Akshaya Mukul, TNN | Aug 4, 2012, 06.54AM IST
NEW DELHI: The flagship Mid-Day Meal scheme in Rajasthan, Orissa, Karnataka and Madhya Pradesh is afflicted with largescale caste and gender-based discrimination. Waking up to a series of reports of discrimination, theHRD ministry has decided to send central teams to specific districts in the four states from where such reports have come.
While the discrimination was gender-based in Karnataka's Chamarajanagar, Haveri and Uttara Kannada, it was both gender and caste-based in Orissa's Kandhamal and Boudh.
The maximum discrimination has been reported from Rajasthan where HRD ministry's monitoring agency found that in Karauli, upper caste children were not sharing mid-day meals with lower caste children. In Dausa, Scheduled Caste children were made to sit separately and eat mid-day meals. In Sirohi, children belonging to minority community were eating food separately. "The teacher should not have allowed such communalization in MDM," monitoring agency Shiv Charan Mathur Social Policy Research Institute said.
The situation was far worse in Dungarpur. Monitoring agency Institute of Development Studiessaid 85% school children were found sitting in caste groups. A similar story of caste segregation was found in Jaisalmer. Additionally, in urban areas of Jaisalmer, upper caste children refused to eat food with dalit children.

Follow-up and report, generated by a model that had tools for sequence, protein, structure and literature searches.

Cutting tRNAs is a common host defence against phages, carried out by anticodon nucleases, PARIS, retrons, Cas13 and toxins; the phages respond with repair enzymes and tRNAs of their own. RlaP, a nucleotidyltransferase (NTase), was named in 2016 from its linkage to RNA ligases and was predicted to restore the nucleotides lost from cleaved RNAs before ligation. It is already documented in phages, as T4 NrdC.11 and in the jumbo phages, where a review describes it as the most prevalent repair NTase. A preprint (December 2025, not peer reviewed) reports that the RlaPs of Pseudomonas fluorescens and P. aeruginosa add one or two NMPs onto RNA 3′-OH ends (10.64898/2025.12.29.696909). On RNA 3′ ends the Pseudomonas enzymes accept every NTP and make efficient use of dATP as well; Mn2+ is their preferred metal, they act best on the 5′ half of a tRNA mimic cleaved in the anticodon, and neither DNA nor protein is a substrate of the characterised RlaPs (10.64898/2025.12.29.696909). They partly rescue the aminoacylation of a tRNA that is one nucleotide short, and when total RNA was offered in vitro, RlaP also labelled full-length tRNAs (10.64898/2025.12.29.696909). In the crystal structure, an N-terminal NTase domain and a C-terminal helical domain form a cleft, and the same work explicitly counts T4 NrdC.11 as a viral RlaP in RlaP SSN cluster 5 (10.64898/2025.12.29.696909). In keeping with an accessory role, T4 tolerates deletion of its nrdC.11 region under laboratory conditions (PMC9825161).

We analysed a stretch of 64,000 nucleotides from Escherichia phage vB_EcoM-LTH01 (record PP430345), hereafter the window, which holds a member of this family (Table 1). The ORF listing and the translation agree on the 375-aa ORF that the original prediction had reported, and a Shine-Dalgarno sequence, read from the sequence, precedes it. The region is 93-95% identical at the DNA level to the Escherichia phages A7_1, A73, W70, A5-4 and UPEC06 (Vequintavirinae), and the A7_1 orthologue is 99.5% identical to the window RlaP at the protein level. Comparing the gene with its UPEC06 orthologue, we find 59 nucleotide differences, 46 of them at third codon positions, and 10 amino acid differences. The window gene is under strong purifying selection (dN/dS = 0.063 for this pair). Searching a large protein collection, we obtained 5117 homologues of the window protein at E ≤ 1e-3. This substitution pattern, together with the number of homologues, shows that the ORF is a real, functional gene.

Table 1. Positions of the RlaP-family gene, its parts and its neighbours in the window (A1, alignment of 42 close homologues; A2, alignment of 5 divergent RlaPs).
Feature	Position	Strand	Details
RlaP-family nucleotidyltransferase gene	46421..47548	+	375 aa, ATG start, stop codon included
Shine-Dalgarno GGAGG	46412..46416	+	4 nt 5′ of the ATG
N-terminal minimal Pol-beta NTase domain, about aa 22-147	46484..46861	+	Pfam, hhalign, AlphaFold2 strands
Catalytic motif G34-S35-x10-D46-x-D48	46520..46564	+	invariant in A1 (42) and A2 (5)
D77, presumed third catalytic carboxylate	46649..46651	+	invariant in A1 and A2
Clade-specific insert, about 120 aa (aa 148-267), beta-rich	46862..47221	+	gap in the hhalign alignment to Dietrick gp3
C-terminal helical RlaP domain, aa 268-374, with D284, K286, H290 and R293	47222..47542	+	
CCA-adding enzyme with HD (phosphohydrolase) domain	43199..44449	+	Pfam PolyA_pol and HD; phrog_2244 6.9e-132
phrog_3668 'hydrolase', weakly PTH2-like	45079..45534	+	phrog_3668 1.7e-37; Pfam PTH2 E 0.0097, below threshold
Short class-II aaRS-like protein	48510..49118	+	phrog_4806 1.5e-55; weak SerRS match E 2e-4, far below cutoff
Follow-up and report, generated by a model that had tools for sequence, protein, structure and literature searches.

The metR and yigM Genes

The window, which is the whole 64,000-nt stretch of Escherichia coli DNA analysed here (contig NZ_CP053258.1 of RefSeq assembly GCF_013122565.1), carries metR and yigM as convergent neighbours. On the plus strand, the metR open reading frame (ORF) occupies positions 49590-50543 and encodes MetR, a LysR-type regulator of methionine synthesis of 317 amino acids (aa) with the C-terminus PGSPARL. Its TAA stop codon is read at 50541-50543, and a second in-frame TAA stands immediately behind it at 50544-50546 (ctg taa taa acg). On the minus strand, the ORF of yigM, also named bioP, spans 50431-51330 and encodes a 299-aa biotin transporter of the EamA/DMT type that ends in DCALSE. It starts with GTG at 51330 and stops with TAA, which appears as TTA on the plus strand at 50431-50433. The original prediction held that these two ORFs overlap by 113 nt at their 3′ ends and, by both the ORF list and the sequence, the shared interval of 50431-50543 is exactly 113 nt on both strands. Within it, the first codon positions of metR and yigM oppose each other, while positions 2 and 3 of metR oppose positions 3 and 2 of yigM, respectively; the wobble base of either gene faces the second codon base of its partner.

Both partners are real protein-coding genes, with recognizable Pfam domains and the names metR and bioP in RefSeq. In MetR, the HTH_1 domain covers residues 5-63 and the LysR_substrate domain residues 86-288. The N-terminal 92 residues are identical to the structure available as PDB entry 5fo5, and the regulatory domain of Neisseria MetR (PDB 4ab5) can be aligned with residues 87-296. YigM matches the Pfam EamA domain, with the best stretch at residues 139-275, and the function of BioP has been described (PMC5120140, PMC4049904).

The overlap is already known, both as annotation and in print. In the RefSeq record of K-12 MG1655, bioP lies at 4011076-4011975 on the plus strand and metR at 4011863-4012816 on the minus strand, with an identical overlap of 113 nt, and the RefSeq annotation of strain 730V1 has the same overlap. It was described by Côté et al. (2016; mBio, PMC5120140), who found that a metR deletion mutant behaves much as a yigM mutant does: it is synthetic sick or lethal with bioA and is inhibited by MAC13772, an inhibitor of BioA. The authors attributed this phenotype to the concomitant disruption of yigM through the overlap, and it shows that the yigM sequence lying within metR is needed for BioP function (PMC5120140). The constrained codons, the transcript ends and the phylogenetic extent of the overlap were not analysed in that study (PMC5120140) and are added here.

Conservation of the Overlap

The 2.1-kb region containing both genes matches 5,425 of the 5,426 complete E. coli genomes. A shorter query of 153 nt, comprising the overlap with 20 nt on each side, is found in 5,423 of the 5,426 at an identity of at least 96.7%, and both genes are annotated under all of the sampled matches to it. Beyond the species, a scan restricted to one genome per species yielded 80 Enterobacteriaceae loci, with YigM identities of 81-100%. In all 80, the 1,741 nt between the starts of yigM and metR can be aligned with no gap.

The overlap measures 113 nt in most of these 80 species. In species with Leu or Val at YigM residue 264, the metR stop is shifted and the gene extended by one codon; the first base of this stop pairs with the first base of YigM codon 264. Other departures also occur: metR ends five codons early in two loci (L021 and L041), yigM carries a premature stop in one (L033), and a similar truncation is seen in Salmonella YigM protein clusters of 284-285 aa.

In Pali, 57.5% school children were sitting in caste groups and it was also found that in 10% schools, only upper caste children served the mid-day meal. Gender discrimination could be seen in 12.5% schools as girls were made to serve the food.
In MP's Narsinghpur, the monitoring agency found that in 17.5% schools, upper caste children did not eat mid-day meal as cooks were of lower castes. Monitoring agency MP Institute of Social Science Research, Ujjain, reported untouchability within school premises in schools of Betul as well as Satna, Chhindwara, Burhanpur, Balaghat, Shivpuri, Narshingpur and Hoshangabad.
In Satna, upper caste, SC and OBC children sat separately. In Panna, food to dalit children was served from a distance. Children of one social group were even getting their own plates from home to avoid mix-up. In Hoshangabad, girls of higher castes sat separately from lower caste girls.